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INSPIRE Workshop Summary

In June 2013, the NINDS hosted a workshop on Improving Neurological Subject (and Provider) Participation In the Research Enterprise (INSPIRE).  The purpose of the workshop was to address the growing challenge of engaging patients in clinical research and to develop tools to enhance recruitment and retention to neurological clinical studies.  The workshop brought together more than 125 investigators, clinicians, clinical coordinators, project and data managers, biostatisticians, communications specialists, patients and patient advocates, as well as NIH and FDA staff.

Over the course of two days, attendees heard from leading experts on patient-centered research, the state of the clinical research enterprise and changing attitudes towards public engagement. They also participated in working sessions focused on a wide range of issues that can impact patient recruitment including protocol design and data collection; communication and outreach; recruitment and retention planning and study management.  During interactive session, participants shared model plans, resources, training programs and experiences (both positive and negative), and developed recommendations that could serve as action plans for future researchers, clinicians, patients and patient advocates.

Attendees challenged each other’s assumptions, focused on key principles underlying a wide range of studies (from epidemiologic to intervention, studies in children to older adults, studies of acute and chronic diseases), and highlighted solutions to the barriers that are frequently cited as the reasons for failure in clinical research.  Common themes in each of the groups included the need to build trust, test assumptions, develop training programs, incorporate a variety of communications tools to meet audience needs and interests, and to plan early and often.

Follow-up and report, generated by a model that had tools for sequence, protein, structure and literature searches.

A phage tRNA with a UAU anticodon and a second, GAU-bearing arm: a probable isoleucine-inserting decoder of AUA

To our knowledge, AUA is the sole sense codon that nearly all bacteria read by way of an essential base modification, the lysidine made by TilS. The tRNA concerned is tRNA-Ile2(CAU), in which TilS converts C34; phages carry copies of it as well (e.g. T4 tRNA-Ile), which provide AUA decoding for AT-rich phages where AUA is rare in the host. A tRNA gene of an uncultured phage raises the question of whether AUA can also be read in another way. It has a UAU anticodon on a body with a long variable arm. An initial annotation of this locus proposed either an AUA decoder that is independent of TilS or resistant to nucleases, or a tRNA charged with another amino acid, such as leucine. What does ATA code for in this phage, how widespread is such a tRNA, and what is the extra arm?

In the area of patient engagement, a key recommendation was to acknowledge that patients share an intense desire to find answers to their medical problems, but also answers to problems that can slow the pace of clinical research.  The enterprise would benefit from opportunities for patients to learn about the overall goals of clinical research to prepare them for the important roles that they play.  

With regard to clinical trial design, attendees recommended the design of studies that answer questions that are relevant for patients and for clinical practice, and to make efforts to involve both patients and practitioners in this process.

Overall, meeting attendees recommended making better use of the expertise of investigators, clinical coordinators and patients, with the notion that the expertise of the latter two groups is often not recognized or underutilized.  They also recommended raising the bar for investigators, coordinators, and patients so that academic clinical research can mirror the sophistication of industry-run studies and to ensure that everyone, including patients, understands and is committed to their role in clinical research.   

A holistic approach to clinical research will require future investigators to build trust (among the many stakeholders in the enterprise), to build expertise (through specialized training programs as well as collaborations with people who have expertise in education and communications), and to adopt continuous quality improvement measures to plan, design and adapt clinical research studies using organized, data-driven models.

Watch this page for additional information as well as links to tools and resources in the coming months. In the meantime, to access the meeting agenda and list of attendees, click here

Last Modified September 3, 2013